Urban Texas represents the engine of the state’s dynamic economy, as well as our most crucial — and most expensive — mobility challenge.
But even with funding increases passed in the 2013 and 2015 legislative sessions, resources available for vital urban mobility projects fall short.
To no one’s surprise, congestion in Texas cities continues to worsen. Wasted time, wasted fuel and lost opportunity should concern us all.
Texas A&M University’s Transportation Institute recently reported that during 2014 congestion in major Texas cities resulted in drivers wasting more than 274 million gallons of fuel and nearly 612 million extra hours, 43 extra hours per driver. Total statewide losses: $14.2 billion.
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The Dallas-Fort Worth area bears about a third of the statewide burden.
How can Texas address its urban mobility challenge more quickly, while optimizing Texas’ limited transportation resources?
A proven solution exists. Roughly a decade ago, our Legislature authorized the use of public-private partnerships (“P3s”), enabling the Texas Department of Transportation to leverage limited public funds with private investment to develop our most vital, complex and expensive transportation projects years ahead of conventional methods.
This month, Texas’ largest and most ambitious P3 project to date, the LBJ Express in Dallas County, opens three months ahead of schedule.
The LBJ Express P3 model is already a proven success in Texas. The $2.1 billion North Tarrant Express in Tarrant County opened ahead of schedule in October 2014, doubling highway capacity along the severely congested Interstate 820 and Texas 121/183 corridors.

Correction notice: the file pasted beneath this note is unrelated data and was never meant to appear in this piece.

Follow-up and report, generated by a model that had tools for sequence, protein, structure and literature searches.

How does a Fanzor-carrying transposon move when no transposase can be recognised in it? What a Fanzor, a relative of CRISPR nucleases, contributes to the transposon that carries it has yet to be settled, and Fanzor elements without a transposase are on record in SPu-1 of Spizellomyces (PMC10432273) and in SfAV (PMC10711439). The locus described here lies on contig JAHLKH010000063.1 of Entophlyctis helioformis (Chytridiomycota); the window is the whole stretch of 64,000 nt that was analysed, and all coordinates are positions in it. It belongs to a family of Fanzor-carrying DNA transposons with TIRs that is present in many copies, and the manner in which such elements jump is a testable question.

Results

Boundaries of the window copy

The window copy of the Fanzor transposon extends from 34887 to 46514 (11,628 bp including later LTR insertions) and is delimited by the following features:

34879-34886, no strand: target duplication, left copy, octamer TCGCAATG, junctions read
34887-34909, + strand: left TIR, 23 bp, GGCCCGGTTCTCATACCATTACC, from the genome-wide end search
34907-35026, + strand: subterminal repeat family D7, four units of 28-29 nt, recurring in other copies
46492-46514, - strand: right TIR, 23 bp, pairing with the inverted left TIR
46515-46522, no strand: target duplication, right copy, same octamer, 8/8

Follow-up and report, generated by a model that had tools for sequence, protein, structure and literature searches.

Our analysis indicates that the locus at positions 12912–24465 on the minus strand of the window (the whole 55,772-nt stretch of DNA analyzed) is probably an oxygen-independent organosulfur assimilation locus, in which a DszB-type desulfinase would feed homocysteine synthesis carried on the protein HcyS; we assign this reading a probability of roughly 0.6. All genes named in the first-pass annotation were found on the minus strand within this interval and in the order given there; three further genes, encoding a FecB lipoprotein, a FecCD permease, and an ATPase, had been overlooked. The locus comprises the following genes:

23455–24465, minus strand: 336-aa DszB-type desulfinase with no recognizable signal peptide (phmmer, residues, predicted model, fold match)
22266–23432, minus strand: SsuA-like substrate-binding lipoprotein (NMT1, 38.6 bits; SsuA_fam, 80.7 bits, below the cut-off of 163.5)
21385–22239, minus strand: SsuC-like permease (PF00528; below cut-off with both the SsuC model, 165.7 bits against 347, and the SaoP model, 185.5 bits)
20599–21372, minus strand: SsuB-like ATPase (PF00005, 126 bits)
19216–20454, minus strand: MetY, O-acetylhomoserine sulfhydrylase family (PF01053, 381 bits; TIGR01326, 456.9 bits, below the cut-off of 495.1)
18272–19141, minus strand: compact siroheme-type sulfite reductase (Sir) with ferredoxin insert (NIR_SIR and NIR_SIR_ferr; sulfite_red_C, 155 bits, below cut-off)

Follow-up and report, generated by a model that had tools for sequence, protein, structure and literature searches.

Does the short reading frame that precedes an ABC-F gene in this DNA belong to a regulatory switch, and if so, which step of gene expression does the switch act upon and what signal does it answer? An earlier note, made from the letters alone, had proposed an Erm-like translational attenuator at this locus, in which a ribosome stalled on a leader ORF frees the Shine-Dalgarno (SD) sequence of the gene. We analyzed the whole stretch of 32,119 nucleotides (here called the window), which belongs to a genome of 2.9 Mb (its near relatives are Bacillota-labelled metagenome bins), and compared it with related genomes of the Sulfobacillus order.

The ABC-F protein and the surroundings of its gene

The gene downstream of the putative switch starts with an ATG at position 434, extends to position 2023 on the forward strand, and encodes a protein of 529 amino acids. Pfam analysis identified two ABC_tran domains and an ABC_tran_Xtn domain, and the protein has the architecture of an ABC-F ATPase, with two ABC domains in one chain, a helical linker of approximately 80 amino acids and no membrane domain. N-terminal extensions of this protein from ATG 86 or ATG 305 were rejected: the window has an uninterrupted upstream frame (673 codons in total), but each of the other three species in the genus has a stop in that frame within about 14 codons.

The LBJ roadway first opened in 1967; 30 years later it had become synonymous with congestion delays and safety concerns in the minds of DFW area drivers.
After years with no viable solutions, the transportation department’s 2009 award of the project as a P3 model ensured its completion at least a decade earlier than conventional methods.
LBJ project attracted the most highly accomplished and creative design, construction and financing teams in the world.
The competition leading to the LBJ project award attracted the most highly accomplished and creative design, construction and financing teams in the world. Notably, it also assured the lowest project cost available.
The transportation department contributed $490 million to the LBJ project, 30 percent less than the $700 million that had been reserved for the roadway and only 18 percent of the total project cost.
In exchange, the state receives a $2.7 billion transportation asset with all operating and maintenance costs covered by the operator for the next 50 years.
Texas owns the roadway; the operator assumes all design, construction and financial risk — no small benefit considering the project’s size and complexity.
Funds the state saves by minimizing its investment and eliminating operating and maintenance costs now support other important mobility projects.
LBJ Express represents a total reconstruction of the original roadway to state-of-the-art standards, adding capacity and length to frontage roads that allow drivers to bypass intersections, and providing the choice of dedicated, express toll lanes in each direction for the entire 13 miles of the project that assure minimum speeds no less than 50 mph.
The new LBJ Express will transform mobility in and around a corridor vital to one of the most dynamic urban economies in the U.S.
Texas’ economic success presents urban mobility challenges that demand bold and comprehensive strategies that reduce construction schedules and optimize available resources.
See for yourself: drive the LBJ or NTE. The P3 model represents the most powerful mobility strategy available today for Texas cities and our expanding urban economy.
David Laney is a former chairman of the Texas Transportation Commission and Amtrak. He serves on the boards of the LBJ Infrastructure Group and NTE Mobility Partners.